Do: See the decked-out NYC department stores
If you’re near Bloomingdales in the East 60s, stroll by. Bloomies goes big some years and does next to nothing in others.
But for New York City in its holiday best, take a stroll that starts at 59th Street and 5th Avenue. Admire the glitter and dazzle of the Plaza Hotel (wave hello to Eloise), Tiffany, Cartier and Bergdorf’s (below).
Make your way down to Rockefeller Center to admire the giant tree. Saks 5th Avenue, across the way, has historically had one of the best windows in the city.
It has has the an off year now and again, though. Take a peak and decide whether you want to wait in line for a closer look.
Stroll down to 42nd Street and say hello the New York Public Library Lions. There is a large, comfortable children’s section in the basement of the library that’s a nice place to warm up, pee and take a break. Look for the case that features the original Winnie the Pooh stuffed animals from the Milne household.
Bryant Park is just behind the library (see ice skating, below).
From here you can continue south to Macy’s at 34th Street and Broadway. The store has some really fun interactive windows in the past few years.
When they had a Peanuts theme a few years ago, for example, kids could use a touch screen to create themselves as a Charles Schultz character. My daughter loved it.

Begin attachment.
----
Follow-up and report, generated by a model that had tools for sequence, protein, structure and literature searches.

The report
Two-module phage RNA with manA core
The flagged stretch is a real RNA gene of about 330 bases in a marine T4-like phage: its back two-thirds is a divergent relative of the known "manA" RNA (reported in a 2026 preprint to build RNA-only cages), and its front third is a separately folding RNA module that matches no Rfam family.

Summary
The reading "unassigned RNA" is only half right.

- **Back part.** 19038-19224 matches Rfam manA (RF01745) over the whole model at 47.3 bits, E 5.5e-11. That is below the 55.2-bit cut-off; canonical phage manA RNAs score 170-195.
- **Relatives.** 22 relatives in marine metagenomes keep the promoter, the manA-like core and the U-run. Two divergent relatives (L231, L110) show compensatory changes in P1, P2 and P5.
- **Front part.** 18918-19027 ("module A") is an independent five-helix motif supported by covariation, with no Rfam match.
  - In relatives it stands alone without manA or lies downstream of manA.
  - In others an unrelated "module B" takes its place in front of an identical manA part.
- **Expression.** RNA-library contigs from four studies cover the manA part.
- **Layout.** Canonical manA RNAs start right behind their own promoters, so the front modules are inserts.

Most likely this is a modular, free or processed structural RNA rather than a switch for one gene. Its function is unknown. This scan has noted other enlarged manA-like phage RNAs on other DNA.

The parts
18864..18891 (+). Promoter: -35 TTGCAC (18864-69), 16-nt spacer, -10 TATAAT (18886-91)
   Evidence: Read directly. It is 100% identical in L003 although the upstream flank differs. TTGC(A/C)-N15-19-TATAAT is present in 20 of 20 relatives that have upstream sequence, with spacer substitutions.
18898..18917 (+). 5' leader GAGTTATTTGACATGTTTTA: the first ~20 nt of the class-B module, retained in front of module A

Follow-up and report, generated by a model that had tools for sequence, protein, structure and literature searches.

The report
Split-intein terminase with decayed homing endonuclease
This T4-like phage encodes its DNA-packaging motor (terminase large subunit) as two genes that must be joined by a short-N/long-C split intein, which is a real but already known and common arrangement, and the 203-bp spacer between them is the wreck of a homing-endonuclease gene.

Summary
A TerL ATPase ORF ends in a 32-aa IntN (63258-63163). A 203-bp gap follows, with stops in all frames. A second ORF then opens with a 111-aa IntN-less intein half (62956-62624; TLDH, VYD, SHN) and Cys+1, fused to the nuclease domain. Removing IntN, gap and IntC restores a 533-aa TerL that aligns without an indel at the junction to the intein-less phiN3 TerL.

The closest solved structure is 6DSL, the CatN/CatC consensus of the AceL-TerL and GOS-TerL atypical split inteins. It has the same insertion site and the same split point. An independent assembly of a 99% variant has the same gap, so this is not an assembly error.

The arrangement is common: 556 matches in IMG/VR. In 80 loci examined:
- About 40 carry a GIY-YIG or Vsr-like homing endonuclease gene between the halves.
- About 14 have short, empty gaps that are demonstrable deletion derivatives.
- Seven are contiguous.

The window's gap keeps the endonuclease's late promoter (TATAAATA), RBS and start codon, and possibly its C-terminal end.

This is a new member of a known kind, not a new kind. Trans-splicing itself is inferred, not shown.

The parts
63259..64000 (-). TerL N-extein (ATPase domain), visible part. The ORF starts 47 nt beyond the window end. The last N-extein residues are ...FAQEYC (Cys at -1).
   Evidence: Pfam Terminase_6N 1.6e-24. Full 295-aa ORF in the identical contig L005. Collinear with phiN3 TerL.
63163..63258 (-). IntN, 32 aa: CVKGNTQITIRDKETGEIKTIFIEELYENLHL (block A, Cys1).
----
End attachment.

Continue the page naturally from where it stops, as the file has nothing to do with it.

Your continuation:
Don’t: Underestimate NYC winters
The skyscrapers create wind tunnels that bring the temperature down a few degrees. Dress warmly for this holiday hike. Gloves, scarf, hat, layers and warm, comfortable boots.
Do: Go ice skating
Nothing is as magical as skating around Wollman Rink in Central Park. You have the park’s hushed woods around you and the city skyline gleaming in the background.
It’s handy to bring a lock but you can rent everything you’ll need at the rink.
Winter Village at Bryant Park (42nd Street) has been a fun and convenient place to skate in years past. It’s free if you have your own skates, but renting them is exorbitant, as is checking a bag.
In the past there have been free lockers (BYO lock) but they don’t have them this year. You also have to make reservations to skate and there aren’t many slots available for people who bring their own skates, perhaps not a problem for tourists.
Even if you don’t skate, walk through the winter village around the rink. There are cute shops and fun food vendors. The new thing this year is elaborate, Instagram-worthy cups of hot cocoa at the Lodge Deck.
Don’t: Skate at Rockefeller Center
The rink is tiny, the line is long even when we aren’t in a pandemic, the fees are sky high and your skate time is short. Just take a photo in front of the famous rink and move on.
Do: visit the Macy’s Santa Claus
Santaland really is worth a visit; it transports you to the North Pole and houses a very convincing Santa Claus.
Actually they have many Santas, but the way they lay things out, kids get to believe they are visiting the one and only. It’s pretty clever.
Even going on 10YO my daughter still loved this ritual and got caught up in it. No matter your age it’s hard to not believe this isn’t the real Santa.